by Jesse that was a huge bummer. There were plenty of bruises, cuts, bug
bites (swollen hands, legs, etc), some truly sketchy scouting, some huge
drops, lots of big drops, lots of really difficult drops, and weeks worth of
exploring to get this expedition completed. We now know what the alseca
river holds over a 35 kilometer (21 miles) section. It is unfathomable how
steep the river is for so long, and how big the drops are. 100 footers are
all over the place, hanging valleys, tons of huge waterfalls and quality
drops, as well as numerous no return canyons that required days of hacking,
climbing, rapeling, and probing to determine if we could enter. One we left
for another day, a 100 foot waterfall at the end of a series of rapids.

I am looking forward to getting home and getting the Punk Rocker and new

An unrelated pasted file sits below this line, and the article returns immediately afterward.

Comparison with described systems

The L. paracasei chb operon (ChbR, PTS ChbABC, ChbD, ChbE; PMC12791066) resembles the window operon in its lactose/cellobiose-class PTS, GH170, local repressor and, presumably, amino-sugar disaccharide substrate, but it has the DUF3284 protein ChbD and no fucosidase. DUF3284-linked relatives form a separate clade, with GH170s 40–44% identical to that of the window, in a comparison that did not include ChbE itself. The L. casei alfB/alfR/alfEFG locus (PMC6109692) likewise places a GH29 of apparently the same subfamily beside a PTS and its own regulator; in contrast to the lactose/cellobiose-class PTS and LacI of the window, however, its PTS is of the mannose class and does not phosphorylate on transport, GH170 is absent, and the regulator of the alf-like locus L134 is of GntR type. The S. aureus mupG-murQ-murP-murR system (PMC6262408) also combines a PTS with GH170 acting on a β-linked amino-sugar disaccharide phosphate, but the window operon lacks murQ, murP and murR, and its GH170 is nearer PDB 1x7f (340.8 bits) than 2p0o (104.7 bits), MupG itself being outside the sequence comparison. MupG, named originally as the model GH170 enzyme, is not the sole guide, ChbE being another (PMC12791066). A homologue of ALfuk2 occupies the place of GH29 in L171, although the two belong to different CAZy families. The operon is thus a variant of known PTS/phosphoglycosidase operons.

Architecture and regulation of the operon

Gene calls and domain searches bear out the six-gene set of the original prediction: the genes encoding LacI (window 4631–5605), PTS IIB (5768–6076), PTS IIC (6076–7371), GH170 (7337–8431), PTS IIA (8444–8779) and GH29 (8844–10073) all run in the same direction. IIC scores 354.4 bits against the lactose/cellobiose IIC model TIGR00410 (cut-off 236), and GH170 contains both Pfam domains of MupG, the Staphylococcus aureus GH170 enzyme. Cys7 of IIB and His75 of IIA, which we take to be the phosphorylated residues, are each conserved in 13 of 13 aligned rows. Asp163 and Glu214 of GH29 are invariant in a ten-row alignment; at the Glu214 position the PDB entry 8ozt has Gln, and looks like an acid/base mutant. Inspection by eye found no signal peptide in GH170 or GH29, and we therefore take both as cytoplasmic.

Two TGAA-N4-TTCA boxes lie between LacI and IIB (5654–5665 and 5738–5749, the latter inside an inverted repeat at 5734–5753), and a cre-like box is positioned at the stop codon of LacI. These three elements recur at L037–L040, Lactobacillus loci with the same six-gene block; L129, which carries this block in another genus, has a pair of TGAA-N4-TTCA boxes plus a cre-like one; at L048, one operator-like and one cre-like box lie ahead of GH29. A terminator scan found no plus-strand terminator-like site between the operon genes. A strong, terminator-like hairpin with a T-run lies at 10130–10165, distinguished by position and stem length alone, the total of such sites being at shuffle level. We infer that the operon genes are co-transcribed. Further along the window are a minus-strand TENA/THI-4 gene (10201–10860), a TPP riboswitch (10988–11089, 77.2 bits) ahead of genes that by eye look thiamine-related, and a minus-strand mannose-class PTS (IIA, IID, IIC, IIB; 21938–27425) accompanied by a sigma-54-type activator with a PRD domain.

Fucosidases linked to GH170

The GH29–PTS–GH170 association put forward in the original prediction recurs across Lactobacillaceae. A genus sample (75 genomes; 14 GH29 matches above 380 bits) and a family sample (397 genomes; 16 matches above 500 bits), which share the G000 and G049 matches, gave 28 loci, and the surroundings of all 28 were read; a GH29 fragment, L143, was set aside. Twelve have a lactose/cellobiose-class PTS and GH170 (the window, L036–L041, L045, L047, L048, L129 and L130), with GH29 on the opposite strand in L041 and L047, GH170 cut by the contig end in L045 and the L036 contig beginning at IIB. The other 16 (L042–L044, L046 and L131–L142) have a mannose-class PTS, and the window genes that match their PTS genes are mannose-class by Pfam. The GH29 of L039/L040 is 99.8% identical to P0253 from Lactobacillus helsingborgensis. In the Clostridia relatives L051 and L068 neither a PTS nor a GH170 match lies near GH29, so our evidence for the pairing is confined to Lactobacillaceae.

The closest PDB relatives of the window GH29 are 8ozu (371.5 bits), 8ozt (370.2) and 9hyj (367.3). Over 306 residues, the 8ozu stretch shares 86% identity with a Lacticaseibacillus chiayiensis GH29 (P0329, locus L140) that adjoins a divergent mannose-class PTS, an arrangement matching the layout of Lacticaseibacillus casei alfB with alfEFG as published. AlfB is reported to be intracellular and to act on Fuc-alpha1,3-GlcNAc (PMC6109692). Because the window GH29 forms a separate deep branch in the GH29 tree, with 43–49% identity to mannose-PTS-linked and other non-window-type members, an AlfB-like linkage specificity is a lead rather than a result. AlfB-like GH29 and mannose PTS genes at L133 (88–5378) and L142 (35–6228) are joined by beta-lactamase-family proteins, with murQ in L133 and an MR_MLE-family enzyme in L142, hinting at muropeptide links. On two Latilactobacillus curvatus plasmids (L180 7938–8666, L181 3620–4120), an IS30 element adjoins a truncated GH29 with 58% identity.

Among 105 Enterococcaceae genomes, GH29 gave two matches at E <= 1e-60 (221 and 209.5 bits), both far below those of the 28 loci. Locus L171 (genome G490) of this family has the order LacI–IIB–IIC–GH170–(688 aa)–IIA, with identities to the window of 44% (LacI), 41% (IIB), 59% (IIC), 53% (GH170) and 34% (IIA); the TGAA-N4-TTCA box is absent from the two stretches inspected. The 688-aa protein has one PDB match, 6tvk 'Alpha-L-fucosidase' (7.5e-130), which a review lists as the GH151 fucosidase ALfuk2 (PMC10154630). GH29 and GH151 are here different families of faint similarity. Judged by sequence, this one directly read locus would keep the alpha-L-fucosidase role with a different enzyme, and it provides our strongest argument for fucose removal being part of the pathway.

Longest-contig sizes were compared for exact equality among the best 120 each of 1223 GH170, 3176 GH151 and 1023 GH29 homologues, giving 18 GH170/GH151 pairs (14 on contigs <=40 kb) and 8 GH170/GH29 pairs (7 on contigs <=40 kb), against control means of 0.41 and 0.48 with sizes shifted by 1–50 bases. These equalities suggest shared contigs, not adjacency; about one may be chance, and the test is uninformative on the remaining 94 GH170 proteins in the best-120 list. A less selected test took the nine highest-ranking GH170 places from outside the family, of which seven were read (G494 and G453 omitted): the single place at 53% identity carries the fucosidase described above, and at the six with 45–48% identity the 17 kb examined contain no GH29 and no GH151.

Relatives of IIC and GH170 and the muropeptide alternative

Rocker in production in a matter of a couple of weeks. These boats will
become the favorite among the hard core creeker pushing the limits, and the
intermediate or beginner kayaker looking for volume, easy to roll, easy to
paddle boats for themselves. I had better let John Ratliff know that will
have to build a bunch of them! It is so fun when you truly hit the nail on
the head and everything comes together to create just what you dreamed you
could. Jackson Kayak hasnt been known as the creekboat company in the past,
and there is little I can do to stop that from happening at this point! The
Mega Rocker handles the biggest person of any creekboat and floats them
really well, offering stability, room, and ease of rolling and paddling.
The Rocker handles the medium to medium/large person (thats ME!) and the
Punk Rocker handles the small to small/medium person. Three sizes so you
get the right one.

We got some serious bulkhead testing, and anyone who had been using the old
style system of metal straps and thumscrews on this trip all are so happy
that they had the new Jackson Kayak Shock Mount system. The foam blocks
are different and the bulkhead flips up to allow access to the bow for